Every now and then we take a break from our usual routine and do something different. In this instance, the girls wanted to learn about Russia. So I put together a unit study for the week and we made a start. I prepared by checking out ideas on the internet and then surfed Amazon for books on Russia. I used the National Library as my resource as it was put together at short notice and I didn't have time to buy any books.
Having done the study, I would recommend the Eyewitness: Russia book highly as a great book for getting an overview on Russian History and culture. Diane Stanley's biographies are always fascinating and well written.
This was my booklist:
History / Social Studies/ Geography:
- Eyewitness : Russia by Kathleen Berton Murrell and Andy Crawford – excellent overview with great pictures
- Russia The Land by Greg Nickles
- Russia The People by Greg Nickles
- Colors of Russia by Shannon Zemlicka
- Peter The Great by Diane Stanley
- The Magic Nesting Doll by Jacqueline K ogburn – beautiful drawings and nice link to a Matroyshska doll craft and look at the history of Russian nesting dolls
- Old Peter’s Russian Tales by Arthur Ransome – nice collection of Russian folk tales which can be used exclusively without the other picture books but the picture books are lovely!
- Luba and the Wren by Patricia Polacco
- The Sea King’s Daughter: A Russian legend by Aaron Shepard
Art and Music:
- Dreamer from the Village: the story of Marc Chagall by Michelle Markel
- Marc Chagall: What Color is Paradise
- Peter Tchaikovsky by Mike Venezia
What we did:
we talked about what we knew about Russia (which was very little!) I created an “All About Russia” Notebook which I bound together with a clickbinder and then as we went through our unit I added pages and lapbook pieces to it.
1. Geography :
We started with a look at Russian geography using a world map and an atlas and the maps in the books we had borrowed. We especially noted all the countries that were on Russia’s border.
I gave them a Blank outline map of Russia and asked them to mark the following cities and landmarks.
Identify these cities:
- St Petersburg
- Label all the countries on Russia’s border
- Ural Mountains
- Lake Baikal
- Volga River
- Ob River
- Yenisey River
- Lena River
- West Siberian plain
- Central Siberian Plateau
- Kolyma Mountains
- And mark the Trans Siberian Railway
We then got to the fun bit and made a map out of cookie dough. ( You could also make a salt dough map and paint it). You can find out more about how to make a salt dough map here.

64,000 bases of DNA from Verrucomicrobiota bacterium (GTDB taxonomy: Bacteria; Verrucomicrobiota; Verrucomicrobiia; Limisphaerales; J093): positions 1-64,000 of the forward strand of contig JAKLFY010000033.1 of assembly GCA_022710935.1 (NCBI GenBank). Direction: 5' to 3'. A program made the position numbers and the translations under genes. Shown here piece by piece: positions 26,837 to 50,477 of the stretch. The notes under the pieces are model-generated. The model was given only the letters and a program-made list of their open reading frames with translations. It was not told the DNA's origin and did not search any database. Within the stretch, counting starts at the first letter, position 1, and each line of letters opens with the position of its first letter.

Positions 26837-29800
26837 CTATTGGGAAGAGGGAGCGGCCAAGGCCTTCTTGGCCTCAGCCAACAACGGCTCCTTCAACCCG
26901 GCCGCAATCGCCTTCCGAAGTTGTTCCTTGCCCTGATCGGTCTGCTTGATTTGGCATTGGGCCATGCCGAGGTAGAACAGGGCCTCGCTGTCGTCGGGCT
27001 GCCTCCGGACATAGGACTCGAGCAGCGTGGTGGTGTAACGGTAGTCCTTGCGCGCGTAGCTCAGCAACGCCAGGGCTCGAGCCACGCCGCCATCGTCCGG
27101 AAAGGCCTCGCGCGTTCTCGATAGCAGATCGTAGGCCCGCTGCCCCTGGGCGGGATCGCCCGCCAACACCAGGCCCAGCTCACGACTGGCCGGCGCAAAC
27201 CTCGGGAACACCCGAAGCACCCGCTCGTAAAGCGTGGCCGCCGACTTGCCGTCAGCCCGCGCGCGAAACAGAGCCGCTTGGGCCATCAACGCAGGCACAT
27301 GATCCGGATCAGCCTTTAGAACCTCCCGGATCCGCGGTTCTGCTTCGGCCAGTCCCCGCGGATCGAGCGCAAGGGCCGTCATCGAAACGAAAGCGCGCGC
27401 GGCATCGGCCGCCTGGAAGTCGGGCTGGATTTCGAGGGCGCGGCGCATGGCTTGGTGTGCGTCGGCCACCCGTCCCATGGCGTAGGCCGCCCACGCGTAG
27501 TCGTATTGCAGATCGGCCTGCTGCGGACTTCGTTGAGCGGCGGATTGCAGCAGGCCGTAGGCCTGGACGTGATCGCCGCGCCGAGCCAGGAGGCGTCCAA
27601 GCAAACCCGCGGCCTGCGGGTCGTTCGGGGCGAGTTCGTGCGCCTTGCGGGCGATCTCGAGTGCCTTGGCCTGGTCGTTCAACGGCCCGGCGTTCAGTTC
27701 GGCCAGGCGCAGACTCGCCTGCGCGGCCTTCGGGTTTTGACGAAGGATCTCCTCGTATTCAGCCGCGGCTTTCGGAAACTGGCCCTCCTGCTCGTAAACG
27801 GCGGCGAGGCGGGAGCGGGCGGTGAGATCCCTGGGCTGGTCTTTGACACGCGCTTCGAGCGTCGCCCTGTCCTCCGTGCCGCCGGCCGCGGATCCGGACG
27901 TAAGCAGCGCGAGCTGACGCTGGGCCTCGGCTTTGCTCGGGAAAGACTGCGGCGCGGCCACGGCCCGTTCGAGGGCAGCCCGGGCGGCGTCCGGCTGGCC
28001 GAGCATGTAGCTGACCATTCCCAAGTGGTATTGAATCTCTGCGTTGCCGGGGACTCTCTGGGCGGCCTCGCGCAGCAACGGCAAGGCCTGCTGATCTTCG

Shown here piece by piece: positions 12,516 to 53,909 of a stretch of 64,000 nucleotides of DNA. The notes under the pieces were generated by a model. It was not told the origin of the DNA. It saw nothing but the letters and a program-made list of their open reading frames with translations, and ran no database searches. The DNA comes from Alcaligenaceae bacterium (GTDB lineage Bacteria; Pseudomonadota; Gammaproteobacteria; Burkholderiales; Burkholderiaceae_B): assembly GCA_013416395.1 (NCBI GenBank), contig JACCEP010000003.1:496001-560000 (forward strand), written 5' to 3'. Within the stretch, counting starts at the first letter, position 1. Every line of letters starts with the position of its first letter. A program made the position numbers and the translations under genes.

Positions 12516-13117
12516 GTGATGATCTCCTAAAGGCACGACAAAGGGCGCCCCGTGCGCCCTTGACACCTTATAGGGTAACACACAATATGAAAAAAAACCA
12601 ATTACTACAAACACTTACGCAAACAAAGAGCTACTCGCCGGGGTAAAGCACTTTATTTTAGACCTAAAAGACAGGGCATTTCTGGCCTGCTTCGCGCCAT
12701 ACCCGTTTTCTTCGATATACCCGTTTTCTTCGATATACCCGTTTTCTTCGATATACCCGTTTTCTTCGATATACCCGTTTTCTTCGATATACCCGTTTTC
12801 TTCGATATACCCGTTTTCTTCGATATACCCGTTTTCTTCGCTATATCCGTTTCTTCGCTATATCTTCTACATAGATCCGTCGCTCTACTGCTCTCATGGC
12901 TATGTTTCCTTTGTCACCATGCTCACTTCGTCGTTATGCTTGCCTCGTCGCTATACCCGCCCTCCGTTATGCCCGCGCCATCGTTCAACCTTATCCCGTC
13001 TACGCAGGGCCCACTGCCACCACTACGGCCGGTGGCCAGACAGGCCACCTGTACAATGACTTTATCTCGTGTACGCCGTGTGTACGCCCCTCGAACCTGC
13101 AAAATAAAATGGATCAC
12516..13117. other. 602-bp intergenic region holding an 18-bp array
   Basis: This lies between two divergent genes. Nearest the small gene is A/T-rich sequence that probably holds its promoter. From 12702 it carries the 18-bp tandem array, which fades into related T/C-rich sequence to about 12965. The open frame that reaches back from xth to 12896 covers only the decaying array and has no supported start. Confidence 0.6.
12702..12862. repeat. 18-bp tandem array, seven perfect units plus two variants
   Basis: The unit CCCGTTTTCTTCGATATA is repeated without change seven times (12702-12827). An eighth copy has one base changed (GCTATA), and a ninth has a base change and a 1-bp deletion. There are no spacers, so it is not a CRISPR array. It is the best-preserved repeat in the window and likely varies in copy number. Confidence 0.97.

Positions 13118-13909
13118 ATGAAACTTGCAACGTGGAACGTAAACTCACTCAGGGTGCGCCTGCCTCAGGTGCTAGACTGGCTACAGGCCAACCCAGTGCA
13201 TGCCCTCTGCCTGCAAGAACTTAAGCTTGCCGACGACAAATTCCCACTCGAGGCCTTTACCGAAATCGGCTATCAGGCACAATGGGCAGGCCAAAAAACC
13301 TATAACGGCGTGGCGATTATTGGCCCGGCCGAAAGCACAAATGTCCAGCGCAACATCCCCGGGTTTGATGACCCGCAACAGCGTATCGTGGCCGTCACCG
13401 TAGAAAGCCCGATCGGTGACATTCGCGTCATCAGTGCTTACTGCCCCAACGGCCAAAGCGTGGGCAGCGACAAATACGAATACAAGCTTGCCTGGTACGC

I used 2 packets of easy cook cookie dough, rolled them out into rectangles and baked them.
I then made a bowl of white icing for them to cover the whole cookie with and then they drew the outline of the country with a black icing pen. We used M&Ms and Hersheys kisses for cities, mountains and for the Trans Siberian railway. They used blue icing pens for the rivers and lakes and some green icing for the plains.
Salt dough maps are great if you want to keep them for awhile (and storage is not an issue!) and cookie dough maps get eaten pretty quickly.
CLIMATE/ ANIMALS/ REGIONS OF RUSSIA
After reading through our books and watching some National Geographic videos online featuring different animals indigenous to Russia we did the following:
(i) Made a lapbook piece (which I added to our notebook on Russia bound together with a click binder) on geographical features like –
Lake Baikal, Kamchatka, Volga River, Siberian Plains and the Ural Mountains.
(ii) Made another lapbook piece on animals of Russia – we looked at the Siberian Tiger, brown Bear, grey wolf and Golomyanka fish (from Lake Baikal – our favourite!)
(iii) Finally, we made another lapbook piece on The Regions of Russia which included the Steppes, the Taiga and the Tundra.
We read from Russia The Land for a general overview of Russian life and from the Eyewitness Russia for an overview of Russian history.
After which we created a mini timeline using several sheets of this template.
I also found several documentaries on YouTube to watch which give a great sense of the time and history ( parental discretion is advised as always) :
Land of the Tsars
Ivan the Terrible
Catherine the Great
The Russian Revolution
We also spent time reading about Russian scientific discovery, famous authors, about the religion, architecture, Matryoshka dolls and Faberge eggs.
We made paper nesting dolls and read about the history of these dolls here.
Below is an idea for an art project after one has studied Russian architecture:
We spent our time reading some of the old folktales and doing narrations and I even got them to act some of the stories out. I had them write out one of their narrations for their notebook.
I prepared a page with pictures representing the various words that they came across in their reading like Permafrost, Communism, Tundra, Samovar etc and then prepared another page with their definitions and had them cut and match the words to their definitions.
5. Art and Music
We spent the few weeks listening to any music by Tchaikovsky and read his life story in Peter Tchaikovsky by Mike Venezia.
I prepared some notebooking pages for us to do about his life and his famous piece The Nutcracker.
This site has everything you might want for notebooking, lapbooking or ideas on studying Tchaikovsky.
We also read about the life and work of Marc Chagall and planned to do an art project based on some of these ideas:
I also planned some other activites but did not get around to all of them.
I wanted to cook some Russian food, play some traditional Russian games with them and visit the Hermitage Museum online.
As a project - I gave my eldest daughter the task of reading about the Russian People, making a mind map and turning it into a powerpoint presentation for her sister and myself.
We had fun and learned tons of new things.
You can download my notebook pages and clip art from this link:
Notebook pages for Russia